Microsoft Academic Search

In this paper, we examine the post-yield true stress vs true strain behavior of irradiated pressure vessel steels and iron-based alloys to reveal differences in strain-hardening behavior associated with different irradiating particles (neutrons and electrons) and different alloy chernky. It is important to understand the effects on mechanical properties caused by displacement producing radiation of nuclear reactor pressure steels. Critical

R. J. DiMelfi; D. E. Alexander; L. E. Rehn

1999-01-01

178

FAVOR: A new fracture mechanics code for reactor pressure vessels subjected to pressurized thermal shock  

SciTech Connect

This report discusses probabilistic fracture mechanics (PFM) analysis which is a major element of the comprehensive probabilistic methodology endorsed by the NRC for evaluation of the integrity of Pressurized Water Reactor (PWR) pressure vessels subjected to pressurized-thermal-shock (PTS) transients. It is anticipated that there will be an increasing need for an improved and validated PTS PFM code which is accepted by the NRC and utilities, as more plants approach the PTS screening criteria and are required to perform plant-specific analyses. The NRC funded Heavy Section Steel Technology (HSST) Program at Oak Ridge National Laboratories is currently developing the FAVOR (Fracture Analysis of Vessels: Oak Ridge) PTS PFM code, which is intended to meet this need. The FAVOR code incorporates the most important features of both OCA-P and VISA-II and contains some new capabilities such as PFM global modeling methodology, the capability to approximate the effects of thermal streaming on circumferential flaws located inside a plume region created by fluid and thermal stratification, a library of stress intensity factor influence coefficients, generated by the NQA-1 certified ABAQUS computer code, for an adequate range of two and three dimensional inside surface flaws, the flexibility to generate a variety of output reports, and user friendliness.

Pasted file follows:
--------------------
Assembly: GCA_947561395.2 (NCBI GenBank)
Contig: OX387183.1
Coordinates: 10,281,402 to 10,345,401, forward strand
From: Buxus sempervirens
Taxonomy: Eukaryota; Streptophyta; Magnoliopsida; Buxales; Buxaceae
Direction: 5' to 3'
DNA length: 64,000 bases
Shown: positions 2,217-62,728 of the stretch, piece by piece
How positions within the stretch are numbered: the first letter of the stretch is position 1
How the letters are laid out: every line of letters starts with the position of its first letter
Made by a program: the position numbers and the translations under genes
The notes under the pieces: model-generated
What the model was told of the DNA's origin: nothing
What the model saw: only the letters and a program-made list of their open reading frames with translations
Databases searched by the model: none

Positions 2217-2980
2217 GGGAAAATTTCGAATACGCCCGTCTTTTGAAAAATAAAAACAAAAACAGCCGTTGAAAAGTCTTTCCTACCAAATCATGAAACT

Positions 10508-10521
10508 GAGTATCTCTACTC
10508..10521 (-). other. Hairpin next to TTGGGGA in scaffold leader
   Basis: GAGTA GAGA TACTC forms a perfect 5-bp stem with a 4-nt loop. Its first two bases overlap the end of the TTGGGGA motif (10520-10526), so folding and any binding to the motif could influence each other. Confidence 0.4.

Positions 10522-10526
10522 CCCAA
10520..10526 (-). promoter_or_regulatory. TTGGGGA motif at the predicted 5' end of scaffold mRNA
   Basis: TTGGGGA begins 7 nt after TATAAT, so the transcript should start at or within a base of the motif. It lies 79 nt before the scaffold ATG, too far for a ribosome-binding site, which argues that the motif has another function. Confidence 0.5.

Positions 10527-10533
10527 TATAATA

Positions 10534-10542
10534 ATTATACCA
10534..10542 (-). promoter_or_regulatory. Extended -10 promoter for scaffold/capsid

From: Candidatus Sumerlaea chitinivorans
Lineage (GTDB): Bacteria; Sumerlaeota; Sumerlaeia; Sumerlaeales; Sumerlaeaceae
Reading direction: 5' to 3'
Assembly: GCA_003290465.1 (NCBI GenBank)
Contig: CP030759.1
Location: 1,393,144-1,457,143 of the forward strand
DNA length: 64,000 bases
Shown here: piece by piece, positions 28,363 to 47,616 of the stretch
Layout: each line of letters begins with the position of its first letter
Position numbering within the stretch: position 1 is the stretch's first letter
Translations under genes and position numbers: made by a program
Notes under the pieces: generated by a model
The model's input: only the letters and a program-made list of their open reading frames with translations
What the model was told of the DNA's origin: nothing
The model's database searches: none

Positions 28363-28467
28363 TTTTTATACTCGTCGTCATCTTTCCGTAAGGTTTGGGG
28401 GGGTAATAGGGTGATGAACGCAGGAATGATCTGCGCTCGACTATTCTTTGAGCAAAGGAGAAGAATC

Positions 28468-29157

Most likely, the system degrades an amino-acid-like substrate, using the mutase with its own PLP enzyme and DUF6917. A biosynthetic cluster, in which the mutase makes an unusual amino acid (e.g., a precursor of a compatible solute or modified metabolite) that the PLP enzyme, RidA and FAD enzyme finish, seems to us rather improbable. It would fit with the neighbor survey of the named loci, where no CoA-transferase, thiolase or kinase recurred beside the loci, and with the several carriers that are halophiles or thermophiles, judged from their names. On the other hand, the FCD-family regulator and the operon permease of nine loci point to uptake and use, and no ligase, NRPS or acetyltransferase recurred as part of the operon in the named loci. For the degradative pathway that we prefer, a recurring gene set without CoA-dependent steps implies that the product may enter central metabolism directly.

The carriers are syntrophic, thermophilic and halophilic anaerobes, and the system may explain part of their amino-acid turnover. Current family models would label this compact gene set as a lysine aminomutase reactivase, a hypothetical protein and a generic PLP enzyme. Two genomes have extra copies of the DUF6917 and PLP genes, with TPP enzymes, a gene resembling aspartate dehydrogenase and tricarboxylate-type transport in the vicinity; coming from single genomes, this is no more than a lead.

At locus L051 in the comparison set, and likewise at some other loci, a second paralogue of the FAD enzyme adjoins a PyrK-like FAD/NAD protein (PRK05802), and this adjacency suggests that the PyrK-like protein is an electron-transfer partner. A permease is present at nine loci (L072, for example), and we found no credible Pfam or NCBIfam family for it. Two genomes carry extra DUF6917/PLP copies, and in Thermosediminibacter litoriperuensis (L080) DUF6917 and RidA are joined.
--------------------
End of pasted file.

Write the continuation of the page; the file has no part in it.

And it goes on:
Dickson, T.L.

1993-04-01

179

FAVOR: A new fracture mechanics code for reactor pressure vessels subjected to pressurized thermal shock  

SciTech Connect